FBI lied to get approval for tap, secret court says

Sharing intelligence with investigators draws sharp criticism


WASHINGTON - The nation's secret intelligence court has identified more than 75 cases in which it says it was misled by the Federal Bureau of Investigation in documents in which the bureau attempted to justify its need for wiretaps and other electronic surveillance, according to the first ruling released publicly by the court.

The opinion by the Foreign Intelligence Surveillance Court, which was issued in May but made public yesterday, is stinging in its criticism of the FBI and Justice Department, which the court suggested had attempted to defy the will of Congress by allowing intelligence material to be shared freely with criminal investigators.

In its opinion, the court rejected a secret request made by Justice this year to allow for broader cooperation and evidence-sharing between counterintelligence investigators and criminal prosecutors. The court found that the request was "not reasonably designed" to safeguard the privacy of Americans. The court generally operates in secret and is responsible for approving warrants to eavesdrop on people suspected of spying or terrorism.

The opinion might be important to explain why the FBI was hesitant last summer to seek court permission to search the computer and other belongings of Zacarias Moussaoui, the only person charged in the Sept. 11 terror attacks.

Moussaoui was arrested in Minnesota last August, and FBI officials have acknowledged that their failure to investigate him more fully was among the intelligence mistakes that allowed the Sept. 11 hijackers to operate in the United States undetected in the weeks before the attacks.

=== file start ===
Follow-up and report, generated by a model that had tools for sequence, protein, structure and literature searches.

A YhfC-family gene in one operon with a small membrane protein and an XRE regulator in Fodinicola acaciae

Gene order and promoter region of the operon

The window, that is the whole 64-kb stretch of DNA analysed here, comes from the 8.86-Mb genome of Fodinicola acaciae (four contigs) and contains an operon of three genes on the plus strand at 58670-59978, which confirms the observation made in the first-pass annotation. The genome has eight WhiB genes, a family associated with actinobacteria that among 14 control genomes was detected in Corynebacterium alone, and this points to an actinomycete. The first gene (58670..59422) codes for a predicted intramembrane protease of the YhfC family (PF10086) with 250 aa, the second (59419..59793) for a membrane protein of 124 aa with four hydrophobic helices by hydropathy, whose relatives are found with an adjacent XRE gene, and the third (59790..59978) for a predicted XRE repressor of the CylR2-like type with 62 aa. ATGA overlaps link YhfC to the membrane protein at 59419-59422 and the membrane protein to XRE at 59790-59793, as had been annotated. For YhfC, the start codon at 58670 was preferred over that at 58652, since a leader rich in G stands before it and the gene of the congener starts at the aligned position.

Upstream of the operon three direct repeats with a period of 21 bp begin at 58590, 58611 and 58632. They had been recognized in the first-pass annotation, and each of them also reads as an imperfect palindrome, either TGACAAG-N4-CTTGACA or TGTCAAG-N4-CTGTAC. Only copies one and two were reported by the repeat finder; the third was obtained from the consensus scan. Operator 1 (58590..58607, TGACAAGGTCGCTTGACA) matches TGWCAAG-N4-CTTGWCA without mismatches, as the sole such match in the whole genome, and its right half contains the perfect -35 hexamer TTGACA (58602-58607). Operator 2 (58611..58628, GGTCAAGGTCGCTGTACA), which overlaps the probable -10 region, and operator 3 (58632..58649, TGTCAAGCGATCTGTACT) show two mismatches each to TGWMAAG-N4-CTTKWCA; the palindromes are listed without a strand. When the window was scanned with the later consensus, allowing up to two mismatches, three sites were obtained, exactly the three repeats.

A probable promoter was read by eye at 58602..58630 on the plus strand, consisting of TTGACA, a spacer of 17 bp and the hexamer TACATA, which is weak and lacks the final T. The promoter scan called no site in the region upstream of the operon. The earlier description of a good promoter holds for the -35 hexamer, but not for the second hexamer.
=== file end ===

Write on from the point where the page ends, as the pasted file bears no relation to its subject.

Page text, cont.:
Officials have previously acknowledged that at the time of Moussaoui's arrest, the FBI was wary of making any surveillance requests to the Washington-based special court after its judges had complained bitterly the year before that they were being seriously misled by the bureau in FBI affidavits requesting surveillance of Hamas, the militant Palestinian group.

As a result of the complaints, the Justice Department opened an internal investigation of the conduct of senior FBI and Justice Department officials. Department officials said yesterday that the inquiry is still under way and could result in disciplinary action.

The department said yesterday that it intended to appeal the court's decision not to grant its request for broader authority to share intelligence information with criminal investigators, and that secret appeal papers were filed yesterday with a special three-judge panel that oversees the surveillance court.

"We believe this decision unnecessarily narrowed the Patriot Act and limits our ability to fully utilize the authority that Congress provided us," said Barbara Comstock, the Justice Department spokeswoman, referring to the USA Patriot Act, the broad anti-terrorism law that was enacted by Congress after Sept. 11. The act makes it easier for prosecutors to use information gathered from intelligence wiretaps.

Justice Department officials also noted that the criticism of the department in the court opinion made public yesterday referred mostly to actions taken by the department and the FBI during the Clinton administration.

In its opinion made public yesterday, the surveillance court documented the "alarming number of instances" during that administration in which the FBI might have acted improperly.

The opinion was part of a package of material presented this week by the court to the Senate Judiciary Committee, which is reviewing requests by the Justice Department for even broader investigative powers in light of the Sept. 11 attacks.

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